Newly declassified documents show that, as at Cambridge, the Soviet Union fought to recruit talented students at Oxford University. The risk to British security could have been hugeby Calder Walton / December 1, 2017 / Leave a comment
There is an old joke that there may have been a group of Soviet spies at Oxford like the five Cambridge Spies, but unlike those from Cambridge, the spies from Oxford simply did not get caught. MI5 files released this week shed new light on the reality behind this joke. They show it is not as far-fetched as first might seem.
The five Cambridge Spies—Donald Maclean, Guy Burgess, Kim Philby, Anthony Blunt, and John Cairncross—were the most successful group of foreign agents ever recruited by the Soviet Union. In fact, they were arguably the most successful agents ever recruited by any power in history. However, they were not the only graduates from leading British universities the KGB recruited in the pre-war years. They were simply the five most successful agents from a much larger KGB recruitment pool.
The KGB was also active at Oxford, where its strategy to enlist Stalin’s best and brightest young Englishmen, and women, was the same as at Cambridge: recruit promising graduates, who would purposefully distance themselves from all outward associations with communism, thus making their communist loyalties difficult if not impossible to detect, and then let them loose to join the Civil Service with the aim of burrowing, as moles, deep into sensitive British government departments.
There is no evidence that the KGB achieved anything comparable in Oxford to its agent recruitment at Cambridge. However, this was not through lack of trying on the part of the KGB. One attempt came with a Soviet agent known to be codenamed “SCOTT”, who was active at Oxford University in the pre-war years.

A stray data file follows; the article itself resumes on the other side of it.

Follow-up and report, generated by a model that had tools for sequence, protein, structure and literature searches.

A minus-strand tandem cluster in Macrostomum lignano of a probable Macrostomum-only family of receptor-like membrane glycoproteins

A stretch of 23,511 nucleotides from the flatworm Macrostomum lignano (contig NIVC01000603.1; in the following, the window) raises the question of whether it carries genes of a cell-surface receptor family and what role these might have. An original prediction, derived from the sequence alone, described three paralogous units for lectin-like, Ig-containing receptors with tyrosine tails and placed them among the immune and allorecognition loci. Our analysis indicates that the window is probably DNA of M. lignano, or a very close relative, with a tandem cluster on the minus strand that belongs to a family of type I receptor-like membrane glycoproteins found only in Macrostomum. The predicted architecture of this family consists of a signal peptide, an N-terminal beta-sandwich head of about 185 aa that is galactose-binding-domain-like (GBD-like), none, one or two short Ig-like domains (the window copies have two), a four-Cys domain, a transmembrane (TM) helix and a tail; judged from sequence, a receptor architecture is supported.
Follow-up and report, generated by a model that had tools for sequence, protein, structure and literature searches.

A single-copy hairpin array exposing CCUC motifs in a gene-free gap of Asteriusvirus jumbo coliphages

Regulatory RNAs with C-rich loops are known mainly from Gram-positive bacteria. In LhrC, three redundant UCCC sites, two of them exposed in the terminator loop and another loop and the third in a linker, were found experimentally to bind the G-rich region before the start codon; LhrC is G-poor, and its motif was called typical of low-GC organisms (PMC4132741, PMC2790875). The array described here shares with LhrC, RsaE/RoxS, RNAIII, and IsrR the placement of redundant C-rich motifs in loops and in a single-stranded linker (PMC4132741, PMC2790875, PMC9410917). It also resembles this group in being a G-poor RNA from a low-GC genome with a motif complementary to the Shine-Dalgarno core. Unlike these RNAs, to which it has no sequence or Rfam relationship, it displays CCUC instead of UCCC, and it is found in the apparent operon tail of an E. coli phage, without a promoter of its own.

Now available KGB material suggests that agent SCOTT was a certain Arthur Wynn, who in the 1930s graduated from Trinity College, Cambridge—like four of the five Cambridge spies—and then moved to Oxford for postgraduate work. He was an active Soviet talent spotter for the KGB at Oxford, providing his KGB case officer‑a Hungarian named Theodor Maly, operating under various aliases—with twenty-five names of potential recruits. Significantly, Maly was one of the pre-war handlers of the Cambridge Five, meaning that the same KGB handler of the Cambridge spies was also active in Oxford.
However, Wynn was criticised by Moscow for providing too many names of known Communists, who would inevitably attract security attention, and thus not be suitable as Soviet penetration agents. At present, because of still…